Toronto researchers turn waste cooking oil from McDonald’s into high-end 3D printing resin
Using waste cooking oil has significant potential, the researchers say: it’s cheaper to make and the plastics made from it can break down naturally compared to conventional 3D printing resins.
Call it an industry-specific example of the butterfly effect: Researchers at the University of Toronto in Scarborough have successfully 3D printed a high-resolution, biodegradable butterfly from waste cooking oil, and it could have big impacts on both additive manufacturing and recycling.
The project was led by Professor Andre Simpson, director of the Environmental NMR Centre at U of T Scarborough, who hit on the idea as being a cheaper and more environmentally friendly alternative to conventional 3D printing resins. Simpson received funding from the Natural Sciences and Engineering Research Council of Canada, the Canada Foundation for Innovation), the Government of Ontario, and the Krembil Foundation.
Harder to obtain was the waste cooking oil. Simpson contacted all major national fast food chains, but only McDonald’s responded, and the oil used in the research came from a local outlet in Scarborough. Simpson and his team filtered out chunks of food particles, and then used a straightforward one-step chemical process in the lab, with about one litre of used cooking oil necessary to make 420 ml of resin.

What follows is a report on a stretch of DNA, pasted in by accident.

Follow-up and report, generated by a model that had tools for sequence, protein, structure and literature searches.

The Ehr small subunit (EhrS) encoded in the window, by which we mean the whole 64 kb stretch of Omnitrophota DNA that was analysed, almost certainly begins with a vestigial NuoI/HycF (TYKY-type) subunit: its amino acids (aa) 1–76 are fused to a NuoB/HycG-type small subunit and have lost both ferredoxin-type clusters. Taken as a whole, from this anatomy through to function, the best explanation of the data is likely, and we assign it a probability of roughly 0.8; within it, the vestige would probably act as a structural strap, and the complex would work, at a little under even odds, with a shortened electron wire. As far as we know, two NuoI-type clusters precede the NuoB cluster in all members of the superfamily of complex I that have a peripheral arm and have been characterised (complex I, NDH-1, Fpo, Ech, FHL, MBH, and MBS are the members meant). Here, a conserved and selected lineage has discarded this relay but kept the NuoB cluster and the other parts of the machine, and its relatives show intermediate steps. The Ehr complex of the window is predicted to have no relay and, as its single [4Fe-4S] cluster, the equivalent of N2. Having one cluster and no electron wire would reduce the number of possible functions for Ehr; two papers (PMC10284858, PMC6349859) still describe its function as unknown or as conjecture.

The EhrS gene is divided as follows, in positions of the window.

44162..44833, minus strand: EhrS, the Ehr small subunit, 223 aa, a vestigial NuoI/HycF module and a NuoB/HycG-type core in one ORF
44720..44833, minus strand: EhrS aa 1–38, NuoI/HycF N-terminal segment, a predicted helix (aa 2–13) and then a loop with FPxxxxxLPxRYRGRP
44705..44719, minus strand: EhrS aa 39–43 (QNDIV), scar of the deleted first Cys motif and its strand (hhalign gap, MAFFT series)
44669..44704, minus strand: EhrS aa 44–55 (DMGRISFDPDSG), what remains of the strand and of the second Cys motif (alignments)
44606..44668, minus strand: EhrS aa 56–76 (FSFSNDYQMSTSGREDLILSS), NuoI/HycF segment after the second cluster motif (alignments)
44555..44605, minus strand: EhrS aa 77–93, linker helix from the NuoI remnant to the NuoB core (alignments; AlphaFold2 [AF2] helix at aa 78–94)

The first of several items printed was the afore-mentioned plastic butterfly (pictured). “The formulated resin produced high-resolution prints with features down to 100 micrometers,” Simpson. “The rapid prototyped prints show considerable thermomechanical stability, morphological homogeneity, and biodegradability when compared to a state-of-the-art research resin and a commercial resin.”
The project has several potential benefits, Simpson said, beginning with finding a constructive, biodegradable end-use for used cooking oil, which can otherwise cause serious environmental issues by clogging sewage lines.
And at the “end-of-life” stage, the researchers found that after burying a 3D plastic object made with their resin in soil, it lost 20 per cent of its weight in about two weeks. “The fat is something that microbes actually like to eat and they do a good job at breaking it down,” Simpson said.
And then there’s price. Conventional high-resolution resins can cost upwards of US$525 per litre because they’re derived from fossil fuel oils and require several steps to make. All but one of the chemicals used to make the resin in Simpson’s lab can be recycled, meaning it could be made for as low as US$300 per tonne, which is cheaper than most plastics.
“Most recycled waste cooking oil is currently used in the production of soap and biodiesel,” the team said. “It may be transformative for recycling programs if high-value commodities [such as resin] can be manufactured directly from it.”